Pixhawk beeping after arming

I have researched myself to death on this one and cannot find a solid answer. I am thinking it is due to the GPS not having acquired its position fully, but here is what I am facing. 

I power up the Pixhawk and let it go through initialization. I arm the Pixhawk and then arm via radio. My radio is setup to always startup in Loiter mode. When I do this, I get a loud beep...beep...beep...beep that does not stop unless I disarm or go to Stabilize mode. The copter will arm but it continues to give me this noise. I have a blue "breathing" LED until I arm at which time I get the green. 

Any knowledge that can be shared about this is greatly welcomed! 

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    It was the lost copter alarm! It was set in the CH10 function which in my Taranis setup is always "up" during startup. Solved that and I had a few channels mixed up in the Pixhawk setup file. All is good now! Well, except for waiting on props.

  • Log for the first flight. (I think)


  • This is the log just before I crashed it today. Unfortunately after doing a fair amount of slow turns and low speed/low altitude flight I was bringing it back to me when it started just going every direction then rolled into a vehicle and crashed. Not too much damage.  A few props and a motor mount and I'll be back to flying. I'll load the previous log next. It had the continuous beeping even though it armed and flew well. No matter what mode I switched to it seemed to just be in stabilize mode. 


  •  If copter is in a GPS dependent flight mode prior to arming and if copter does not have a GPS lock the Pre-Arm Safety Check with prevent arming.  Loiter requires a GPS lock. 

    FWIW, I do not recommend arming or taking off in a GPS dependent flight mode.  Others will no doubt disagree.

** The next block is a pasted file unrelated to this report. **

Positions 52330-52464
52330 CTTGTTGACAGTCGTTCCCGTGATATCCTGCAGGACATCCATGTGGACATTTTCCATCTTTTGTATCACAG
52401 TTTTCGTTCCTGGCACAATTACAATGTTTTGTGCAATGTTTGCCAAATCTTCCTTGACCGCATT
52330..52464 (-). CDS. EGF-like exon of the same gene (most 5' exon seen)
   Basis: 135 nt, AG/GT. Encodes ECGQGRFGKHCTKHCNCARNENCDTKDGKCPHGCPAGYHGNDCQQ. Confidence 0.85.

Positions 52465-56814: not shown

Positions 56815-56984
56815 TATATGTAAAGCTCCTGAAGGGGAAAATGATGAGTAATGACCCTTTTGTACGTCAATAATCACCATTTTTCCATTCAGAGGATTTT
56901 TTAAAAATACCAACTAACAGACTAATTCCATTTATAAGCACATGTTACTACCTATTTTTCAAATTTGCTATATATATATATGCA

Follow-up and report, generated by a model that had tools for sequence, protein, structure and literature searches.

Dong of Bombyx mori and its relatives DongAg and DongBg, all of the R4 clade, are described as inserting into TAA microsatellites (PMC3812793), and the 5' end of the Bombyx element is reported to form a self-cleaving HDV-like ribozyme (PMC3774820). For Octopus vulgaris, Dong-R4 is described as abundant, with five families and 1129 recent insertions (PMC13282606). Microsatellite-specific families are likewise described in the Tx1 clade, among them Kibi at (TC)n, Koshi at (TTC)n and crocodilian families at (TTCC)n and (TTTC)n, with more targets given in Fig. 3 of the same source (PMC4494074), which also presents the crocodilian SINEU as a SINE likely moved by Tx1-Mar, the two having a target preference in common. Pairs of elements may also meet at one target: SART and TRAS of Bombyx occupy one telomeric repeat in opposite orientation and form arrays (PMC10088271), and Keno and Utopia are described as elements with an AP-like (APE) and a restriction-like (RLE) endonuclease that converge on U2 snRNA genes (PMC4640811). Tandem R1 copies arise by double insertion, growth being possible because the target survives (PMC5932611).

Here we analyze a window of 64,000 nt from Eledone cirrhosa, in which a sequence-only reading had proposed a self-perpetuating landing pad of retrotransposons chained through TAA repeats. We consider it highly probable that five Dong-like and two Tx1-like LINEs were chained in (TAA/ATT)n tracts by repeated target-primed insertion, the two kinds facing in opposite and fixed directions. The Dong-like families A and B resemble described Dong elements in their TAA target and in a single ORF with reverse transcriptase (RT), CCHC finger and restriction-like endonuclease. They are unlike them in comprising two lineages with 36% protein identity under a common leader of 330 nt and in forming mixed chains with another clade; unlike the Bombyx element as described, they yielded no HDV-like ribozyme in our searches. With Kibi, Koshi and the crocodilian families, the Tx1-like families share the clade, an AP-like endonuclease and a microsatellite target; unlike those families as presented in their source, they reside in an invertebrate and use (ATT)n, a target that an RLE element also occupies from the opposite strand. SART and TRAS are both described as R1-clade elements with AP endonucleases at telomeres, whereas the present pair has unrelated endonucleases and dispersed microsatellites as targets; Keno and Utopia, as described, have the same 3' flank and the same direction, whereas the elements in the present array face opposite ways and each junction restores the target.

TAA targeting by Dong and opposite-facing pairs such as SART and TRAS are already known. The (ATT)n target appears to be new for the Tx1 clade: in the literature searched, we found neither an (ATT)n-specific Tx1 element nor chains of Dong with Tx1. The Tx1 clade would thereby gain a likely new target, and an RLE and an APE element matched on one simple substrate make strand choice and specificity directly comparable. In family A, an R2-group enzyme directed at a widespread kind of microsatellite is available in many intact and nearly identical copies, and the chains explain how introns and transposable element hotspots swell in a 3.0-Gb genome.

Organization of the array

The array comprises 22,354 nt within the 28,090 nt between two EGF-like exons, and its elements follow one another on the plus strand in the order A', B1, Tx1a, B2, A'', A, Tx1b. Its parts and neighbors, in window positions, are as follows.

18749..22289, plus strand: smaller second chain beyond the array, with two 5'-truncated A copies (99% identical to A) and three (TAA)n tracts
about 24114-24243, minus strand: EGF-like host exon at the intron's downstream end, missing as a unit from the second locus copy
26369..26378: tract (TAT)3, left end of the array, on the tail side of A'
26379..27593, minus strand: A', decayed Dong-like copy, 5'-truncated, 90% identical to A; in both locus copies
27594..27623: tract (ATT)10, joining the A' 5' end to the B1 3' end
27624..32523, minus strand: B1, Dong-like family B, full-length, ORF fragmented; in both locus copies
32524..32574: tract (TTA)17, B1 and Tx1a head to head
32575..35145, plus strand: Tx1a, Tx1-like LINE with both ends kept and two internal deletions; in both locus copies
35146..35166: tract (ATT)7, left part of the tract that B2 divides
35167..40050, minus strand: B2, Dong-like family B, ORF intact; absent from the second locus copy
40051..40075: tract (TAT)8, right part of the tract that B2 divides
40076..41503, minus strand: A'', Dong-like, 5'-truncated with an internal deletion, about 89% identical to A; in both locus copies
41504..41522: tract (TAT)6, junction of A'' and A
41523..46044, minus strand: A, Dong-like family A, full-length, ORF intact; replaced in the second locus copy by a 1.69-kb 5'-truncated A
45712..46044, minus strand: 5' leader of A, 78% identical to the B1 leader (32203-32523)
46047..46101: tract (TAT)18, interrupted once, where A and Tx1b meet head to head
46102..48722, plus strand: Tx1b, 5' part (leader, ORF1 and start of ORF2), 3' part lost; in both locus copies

• T3

      I agree.  Take off in alt hold, in my opinion.  It only takes 5 seconds to make sure the copter works, then you can switch to loiter.  That way if loiter mode is messed up, you can immediately switch back while still in the air.  In loiter mode you are not directly controlling the copter, you are just telling it a set of coordinates to stay at.  The sticks move those coordinates around.  If there is some problem, the copter can fly crazily thinking it is doing the right thing.  This is why you don't just fly with a tablet, you have to be ready to take manual control at any time with the transmitter.

    • Taking off in Alt_Hold is not a good idea either.  For one thing, Alt_Hold puts a "dead band" around your current throttle stick position, so when you take off chances are you are past the hover point when the aircraft breaks ground.  If you are a beginner, having your new pride and joy take off like a rocket can turn into a panic situation that may end in a pilot induced crash.

    • If I were you, I would forget about modes that have GPS in it and learn how to fly it by hand first. I know it sounds difficult, but you need to learn the basics, getting the flight controller to do all the flying especially, when you're a beginner and still learning is a very bad idea and a nasty habit to get into.

      The Air France Flight 447 crashed, killing all 228 passengers on board because the pilots relied too much on the automation system to do the work for them, which led them to make a fatal error in the end.

      My point being is, you need to get a feel for how your quad-copter flies and responds to your inputs. You can only experience it, by flying it in manual mode.

    • I would have RTL in another switch that overrides the 3 position switch. 

      I have a 3 pos switch to Stabilize, alt hold, and pos hold/loiter. 

      My 2 position switch overrides the other for RTL on channel 7/8. 

    • T3

      Ken, I'm a bit confused on what mode you want to replace with what.  Stabilize mode is usually the best for taking manual control, but requires some skill on the throttle.  Alt hold is almost as safe, since the alt hold behavior has gotten really good.  The iris doesn't have stabilize on the controller, its most basic mode is still alt hold.  I think you could get away with that.  The Iris has a 3pos switch for alt hold, loiter, auto.  And a 2 pos switch to engage rtl.  If all you have is a 3pos, I think that alto hold, loiter, rtl would be a good bet for you.

    • That is the wrong approach.

      A Pixhawk is not now, never was, and never shall be a NAZA.  You need to learn how to fly in Stabilize, and don't even think about using a GPS mode until you can.

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